The vision and valued outcomes defined by the school for all children are captured in the school's vision of 'Growing Excellence through innovation and constantly evolving personalised learning'. The school's values reflect the vision, values and principles of The New Zealand Curriculum (NZC).

The school’s achievement information shows that over the last three years 80 percent of children have achieved at or above the National Standard in mathematics and 70 percent in reading and writing. School data from 2015 show that while Māori students' achievement is improving as a result of specific strategies their achievement levels are still not as high as those of other learners. This disparity is most evident in writing and to some extent in mathematics.

Good work has been done to develop a rigorous internal moderation process to enhance the reliability of achievement information. Moderation of assessment between schools is beginning.

Since the last ERO evaluation the school has:

  • restructured school leadership to build assessment capability across the school with a focus on accelerating the progress of those students who are at risk of not achieving
  • strengthened internal evaluation to show the impact of intervention programmes used in the school
  • ensured more explicit links are evident between the ACE (Abilities, Curiosity, Essentials) programme and the NZC
  • aligned planning and documentation to improve the tracking of students as they progress through the school
  • undertaken school-wide professional development in writing and in science to improve teaching in these areas.

3 Accelerating achievement

How effectively does this school respond to children whose learning and achievement need acceleration?

The school is effective in responding to children whose learning and achievement needs acceleration. The school's key priorities are raising the achievement of children whose first language is not English, and of children with special educational capabilities and needs. In addition, Kia Hiranga Ake has recently been introduced as a plan to raise achievement of Māori and Pacific students.

School leaders know the context of their community and are quick to respond to changes in the achievement data and ensure well considered systems are in place to support children whose learning needs accelerating.

A high priority is placed on maintaining a successful partnership between the school and children's families. Some teachers communicate with and support children and parents in their home languages.

From the time children arrive at the school, teachers are focused on maximising opportunities for them to be successful in their learning. Leaders and teachers use an extensive range of targeted approaches to identify children who are not achieving, and those who require enrichment or have special abilities. Education plans are developed for children with families/whānau, to identify pathways that incorporate children's individual strengths and prior knowledge, and help to build shared understandings of each child as a learner.

School leaders collate and analyse a wide range of data to identify how well programmes suit each student's specific learning requirements. Leaders and teachers have deepened their analysis of assessment data. A wide range of professional development, together with targeted in-class and out of class support, has helped teachers to accelerate progress for those students working below the National Standards.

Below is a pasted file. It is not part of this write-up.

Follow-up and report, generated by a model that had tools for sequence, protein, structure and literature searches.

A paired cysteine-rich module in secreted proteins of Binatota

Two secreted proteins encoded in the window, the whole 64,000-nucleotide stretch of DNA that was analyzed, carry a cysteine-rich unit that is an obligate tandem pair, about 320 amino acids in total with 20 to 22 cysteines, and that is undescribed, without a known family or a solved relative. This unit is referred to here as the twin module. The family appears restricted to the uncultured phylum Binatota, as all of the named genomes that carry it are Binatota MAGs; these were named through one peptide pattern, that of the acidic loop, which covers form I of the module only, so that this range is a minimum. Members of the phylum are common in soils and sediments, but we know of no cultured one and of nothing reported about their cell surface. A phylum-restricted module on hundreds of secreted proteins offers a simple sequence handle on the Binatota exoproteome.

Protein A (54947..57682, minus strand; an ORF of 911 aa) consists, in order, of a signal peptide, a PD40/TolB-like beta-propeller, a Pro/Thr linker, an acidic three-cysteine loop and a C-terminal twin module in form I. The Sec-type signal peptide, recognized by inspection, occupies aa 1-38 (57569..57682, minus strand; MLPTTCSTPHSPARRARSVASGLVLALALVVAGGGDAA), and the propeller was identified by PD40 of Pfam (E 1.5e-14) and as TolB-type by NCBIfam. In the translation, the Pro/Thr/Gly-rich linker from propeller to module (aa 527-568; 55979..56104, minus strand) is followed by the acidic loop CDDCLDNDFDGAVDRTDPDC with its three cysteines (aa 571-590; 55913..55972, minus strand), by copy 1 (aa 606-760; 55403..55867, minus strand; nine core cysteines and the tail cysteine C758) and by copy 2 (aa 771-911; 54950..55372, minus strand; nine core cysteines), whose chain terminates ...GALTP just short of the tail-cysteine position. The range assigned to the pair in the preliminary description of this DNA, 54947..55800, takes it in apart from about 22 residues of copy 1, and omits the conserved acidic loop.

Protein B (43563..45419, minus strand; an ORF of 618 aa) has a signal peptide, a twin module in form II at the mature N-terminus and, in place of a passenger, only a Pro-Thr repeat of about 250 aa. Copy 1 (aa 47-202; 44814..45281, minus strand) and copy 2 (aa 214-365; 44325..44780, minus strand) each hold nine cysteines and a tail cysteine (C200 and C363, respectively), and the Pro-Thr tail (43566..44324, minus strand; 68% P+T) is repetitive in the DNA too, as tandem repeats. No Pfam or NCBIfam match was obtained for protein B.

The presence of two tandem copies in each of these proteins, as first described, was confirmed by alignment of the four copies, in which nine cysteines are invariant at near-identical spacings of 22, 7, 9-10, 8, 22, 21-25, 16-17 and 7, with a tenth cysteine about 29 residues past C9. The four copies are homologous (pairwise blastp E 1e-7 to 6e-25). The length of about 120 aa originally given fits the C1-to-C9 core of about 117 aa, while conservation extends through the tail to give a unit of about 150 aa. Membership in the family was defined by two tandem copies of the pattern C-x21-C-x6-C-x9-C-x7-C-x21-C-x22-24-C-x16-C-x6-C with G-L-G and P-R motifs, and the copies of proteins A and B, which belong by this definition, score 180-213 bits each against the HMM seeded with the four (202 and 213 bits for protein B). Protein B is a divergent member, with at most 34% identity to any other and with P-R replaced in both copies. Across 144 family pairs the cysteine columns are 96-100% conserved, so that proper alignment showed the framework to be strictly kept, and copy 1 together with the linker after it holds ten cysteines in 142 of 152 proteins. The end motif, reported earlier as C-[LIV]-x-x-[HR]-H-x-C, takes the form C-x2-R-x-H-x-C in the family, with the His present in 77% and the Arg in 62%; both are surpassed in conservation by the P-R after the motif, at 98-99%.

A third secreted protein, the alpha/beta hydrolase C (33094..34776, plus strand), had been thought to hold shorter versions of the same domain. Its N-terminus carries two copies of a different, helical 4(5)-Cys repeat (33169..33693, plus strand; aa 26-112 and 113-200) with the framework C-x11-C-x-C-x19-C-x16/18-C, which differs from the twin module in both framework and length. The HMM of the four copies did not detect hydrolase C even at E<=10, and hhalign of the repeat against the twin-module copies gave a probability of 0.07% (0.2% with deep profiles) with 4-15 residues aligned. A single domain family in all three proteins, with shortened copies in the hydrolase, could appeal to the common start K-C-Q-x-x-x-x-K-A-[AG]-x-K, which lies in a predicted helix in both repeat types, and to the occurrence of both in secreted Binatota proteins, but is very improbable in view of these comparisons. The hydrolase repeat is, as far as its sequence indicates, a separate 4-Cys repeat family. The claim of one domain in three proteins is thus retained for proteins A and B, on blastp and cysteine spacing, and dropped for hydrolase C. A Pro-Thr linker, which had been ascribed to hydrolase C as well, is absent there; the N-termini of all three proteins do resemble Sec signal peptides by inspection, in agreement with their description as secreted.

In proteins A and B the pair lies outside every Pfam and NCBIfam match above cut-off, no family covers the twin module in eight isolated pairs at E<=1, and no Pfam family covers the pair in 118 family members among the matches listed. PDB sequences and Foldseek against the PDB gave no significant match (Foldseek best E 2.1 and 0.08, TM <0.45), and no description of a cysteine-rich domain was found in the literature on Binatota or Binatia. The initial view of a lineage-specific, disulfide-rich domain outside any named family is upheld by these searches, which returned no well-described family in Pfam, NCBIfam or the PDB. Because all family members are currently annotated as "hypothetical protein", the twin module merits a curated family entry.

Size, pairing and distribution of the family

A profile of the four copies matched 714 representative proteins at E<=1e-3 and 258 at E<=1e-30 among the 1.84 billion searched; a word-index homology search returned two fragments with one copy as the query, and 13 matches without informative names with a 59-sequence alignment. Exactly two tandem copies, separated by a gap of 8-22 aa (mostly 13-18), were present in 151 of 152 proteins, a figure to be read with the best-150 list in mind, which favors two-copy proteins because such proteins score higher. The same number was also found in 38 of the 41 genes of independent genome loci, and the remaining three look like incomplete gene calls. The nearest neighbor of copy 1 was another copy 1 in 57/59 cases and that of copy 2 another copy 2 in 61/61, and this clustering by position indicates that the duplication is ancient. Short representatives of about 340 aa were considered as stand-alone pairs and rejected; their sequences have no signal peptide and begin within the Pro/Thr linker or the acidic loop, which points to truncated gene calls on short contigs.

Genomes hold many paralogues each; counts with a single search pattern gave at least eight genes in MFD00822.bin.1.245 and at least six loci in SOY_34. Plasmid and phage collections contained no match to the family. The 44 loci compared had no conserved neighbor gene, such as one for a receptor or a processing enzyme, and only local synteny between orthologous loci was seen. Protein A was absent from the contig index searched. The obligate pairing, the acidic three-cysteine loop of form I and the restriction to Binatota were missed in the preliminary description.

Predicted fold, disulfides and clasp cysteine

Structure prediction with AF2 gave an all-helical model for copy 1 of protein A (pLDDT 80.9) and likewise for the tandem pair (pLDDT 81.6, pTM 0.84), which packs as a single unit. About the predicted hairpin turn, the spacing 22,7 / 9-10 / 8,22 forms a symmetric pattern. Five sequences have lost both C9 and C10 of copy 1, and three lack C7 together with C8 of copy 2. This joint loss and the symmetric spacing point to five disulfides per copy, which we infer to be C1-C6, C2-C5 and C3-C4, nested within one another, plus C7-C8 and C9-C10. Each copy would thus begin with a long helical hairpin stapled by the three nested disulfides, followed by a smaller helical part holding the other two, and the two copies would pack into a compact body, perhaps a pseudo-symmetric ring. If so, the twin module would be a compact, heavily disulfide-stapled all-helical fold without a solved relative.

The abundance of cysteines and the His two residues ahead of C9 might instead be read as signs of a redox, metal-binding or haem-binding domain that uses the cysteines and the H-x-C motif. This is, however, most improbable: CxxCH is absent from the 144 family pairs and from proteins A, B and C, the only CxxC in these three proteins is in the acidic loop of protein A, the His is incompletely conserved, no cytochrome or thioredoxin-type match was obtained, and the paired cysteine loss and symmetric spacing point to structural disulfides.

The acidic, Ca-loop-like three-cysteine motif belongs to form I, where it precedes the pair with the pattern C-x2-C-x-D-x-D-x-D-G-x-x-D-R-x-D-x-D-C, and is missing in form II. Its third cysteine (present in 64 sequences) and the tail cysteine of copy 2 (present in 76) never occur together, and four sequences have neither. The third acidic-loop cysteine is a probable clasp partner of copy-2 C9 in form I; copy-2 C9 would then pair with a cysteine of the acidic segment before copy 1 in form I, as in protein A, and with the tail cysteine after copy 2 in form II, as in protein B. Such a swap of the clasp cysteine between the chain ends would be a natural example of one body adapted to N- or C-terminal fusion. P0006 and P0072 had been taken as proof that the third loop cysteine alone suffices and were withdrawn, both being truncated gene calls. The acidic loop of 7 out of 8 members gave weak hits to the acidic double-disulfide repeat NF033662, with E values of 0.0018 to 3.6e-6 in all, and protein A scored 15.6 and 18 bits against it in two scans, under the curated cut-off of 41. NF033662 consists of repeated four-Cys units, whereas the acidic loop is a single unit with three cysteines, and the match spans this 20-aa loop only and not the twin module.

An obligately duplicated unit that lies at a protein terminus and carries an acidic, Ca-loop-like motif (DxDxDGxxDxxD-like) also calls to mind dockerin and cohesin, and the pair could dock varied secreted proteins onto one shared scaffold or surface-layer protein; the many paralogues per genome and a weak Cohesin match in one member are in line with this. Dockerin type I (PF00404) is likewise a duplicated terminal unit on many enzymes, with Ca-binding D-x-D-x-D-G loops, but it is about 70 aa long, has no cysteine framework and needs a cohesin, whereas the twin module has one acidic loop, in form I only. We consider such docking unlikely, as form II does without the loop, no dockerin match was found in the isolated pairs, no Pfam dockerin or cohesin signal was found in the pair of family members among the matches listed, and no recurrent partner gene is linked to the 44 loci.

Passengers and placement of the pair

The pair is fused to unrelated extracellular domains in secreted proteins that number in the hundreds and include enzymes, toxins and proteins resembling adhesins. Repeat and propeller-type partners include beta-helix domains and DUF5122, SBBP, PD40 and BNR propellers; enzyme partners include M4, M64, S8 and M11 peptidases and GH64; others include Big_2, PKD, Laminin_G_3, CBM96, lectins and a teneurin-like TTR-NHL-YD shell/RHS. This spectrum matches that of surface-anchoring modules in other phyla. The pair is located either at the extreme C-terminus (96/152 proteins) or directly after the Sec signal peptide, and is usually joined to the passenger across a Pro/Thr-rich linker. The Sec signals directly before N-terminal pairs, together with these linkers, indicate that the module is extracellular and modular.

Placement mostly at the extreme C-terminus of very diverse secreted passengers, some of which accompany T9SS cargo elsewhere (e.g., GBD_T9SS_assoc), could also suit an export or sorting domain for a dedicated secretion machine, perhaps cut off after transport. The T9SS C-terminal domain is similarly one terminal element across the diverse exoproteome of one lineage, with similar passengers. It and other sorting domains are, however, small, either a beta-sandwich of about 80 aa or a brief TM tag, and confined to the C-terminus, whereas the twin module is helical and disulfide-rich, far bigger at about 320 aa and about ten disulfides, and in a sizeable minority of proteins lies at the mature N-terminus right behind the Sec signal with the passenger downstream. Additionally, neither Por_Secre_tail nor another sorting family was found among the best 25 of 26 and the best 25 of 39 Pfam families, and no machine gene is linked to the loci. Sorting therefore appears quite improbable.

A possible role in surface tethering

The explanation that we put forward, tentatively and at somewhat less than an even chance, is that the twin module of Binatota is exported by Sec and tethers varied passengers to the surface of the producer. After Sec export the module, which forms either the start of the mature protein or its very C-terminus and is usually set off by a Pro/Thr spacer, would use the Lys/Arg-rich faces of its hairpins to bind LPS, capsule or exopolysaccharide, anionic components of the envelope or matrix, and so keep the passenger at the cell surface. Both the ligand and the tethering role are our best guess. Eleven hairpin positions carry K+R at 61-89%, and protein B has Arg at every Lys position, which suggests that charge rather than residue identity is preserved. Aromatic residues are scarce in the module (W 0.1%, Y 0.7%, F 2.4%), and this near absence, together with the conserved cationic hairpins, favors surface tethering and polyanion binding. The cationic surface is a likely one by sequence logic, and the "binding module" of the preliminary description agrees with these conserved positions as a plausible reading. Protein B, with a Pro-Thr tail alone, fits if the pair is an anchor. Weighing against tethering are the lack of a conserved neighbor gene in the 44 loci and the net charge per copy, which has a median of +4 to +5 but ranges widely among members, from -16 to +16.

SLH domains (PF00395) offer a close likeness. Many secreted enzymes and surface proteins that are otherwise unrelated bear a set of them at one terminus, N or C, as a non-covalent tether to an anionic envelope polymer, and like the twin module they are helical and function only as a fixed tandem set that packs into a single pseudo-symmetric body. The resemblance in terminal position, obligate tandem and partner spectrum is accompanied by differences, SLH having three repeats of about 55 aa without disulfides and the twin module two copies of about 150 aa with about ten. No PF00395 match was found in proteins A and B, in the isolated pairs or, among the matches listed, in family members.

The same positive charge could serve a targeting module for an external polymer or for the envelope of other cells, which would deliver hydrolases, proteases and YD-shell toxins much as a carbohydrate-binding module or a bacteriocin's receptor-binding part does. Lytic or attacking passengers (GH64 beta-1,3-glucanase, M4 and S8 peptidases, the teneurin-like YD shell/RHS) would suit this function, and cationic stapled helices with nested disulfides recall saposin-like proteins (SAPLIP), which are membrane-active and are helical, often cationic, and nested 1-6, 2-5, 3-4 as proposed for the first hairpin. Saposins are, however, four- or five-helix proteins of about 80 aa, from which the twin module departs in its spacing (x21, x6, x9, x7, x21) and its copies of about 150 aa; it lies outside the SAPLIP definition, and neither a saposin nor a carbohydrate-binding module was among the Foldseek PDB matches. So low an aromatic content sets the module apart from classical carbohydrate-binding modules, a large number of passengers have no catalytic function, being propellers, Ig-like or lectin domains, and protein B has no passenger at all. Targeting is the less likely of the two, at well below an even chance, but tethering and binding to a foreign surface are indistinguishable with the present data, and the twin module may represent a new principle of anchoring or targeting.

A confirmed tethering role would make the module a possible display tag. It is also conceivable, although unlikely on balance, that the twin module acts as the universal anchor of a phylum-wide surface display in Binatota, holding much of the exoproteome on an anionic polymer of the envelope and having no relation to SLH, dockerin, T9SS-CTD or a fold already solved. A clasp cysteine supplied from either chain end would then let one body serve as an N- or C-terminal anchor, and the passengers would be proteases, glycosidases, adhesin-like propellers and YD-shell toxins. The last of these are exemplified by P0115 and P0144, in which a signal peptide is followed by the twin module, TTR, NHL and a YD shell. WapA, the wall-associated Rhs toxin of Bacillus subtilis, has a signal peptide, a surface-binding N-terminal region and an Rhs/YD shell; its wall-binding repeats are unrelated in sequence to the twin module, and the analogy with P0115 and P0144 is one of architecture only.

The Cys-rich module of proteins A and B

Learning focused partnerships are evident in the school's reporting to parents. Parents receive very good information about their children’s progress and achievement in relation to the National Standards in reading, writing and mathematics. Parents who spoke to ERO affirmed the opportunities their children have to participate in individual and group learning that enables families to support their children’s learning at home.

4 School conditions

How effectively do the school’s curriculum and other organisational processes and practices develop and enact the school’s vision, values, goals and targets for equity and excellence?

The school's curriculum and other organisational processes and practices are effective in developing and enacting the school's vision, values, goals and targets for equity and excellence. The curriculum is inclusive and responsive to the strengths and interests of each child. Purposeful learning experiences use real life contexts so that students are actively involved in learning. These experiences provide opportunities for students to collaborate with, learn from and facilitate the learning of others. Embedding the Mission Heights 'learner profile' will help children to take more ownership of their learning programme.

Children engage cognitively in challenging and purposeful learning through personalised learning plans and the ACE programme, which provides additional breadth and depth in the curriculum. It offers children choice and targeted support for accelerating their progress and meeting their identified needs. Children value the programme highly and parents who spoke to ERO also affirm the positive impact the programme has had on children's wellbeing as learners.

School organisational structures are interconnected to support learners. Teachers have collective responsibility for children across all learning communities. The 'Mission Heights Inquiry' framework is used by children, teachers and leaders. Senior leaders acknowledge it would be timely to expand this effective model to promote school-wide acceleration for target learners. The senior leadership team continues to provide professional development to help teachers inquire more deeply into their teaching practice.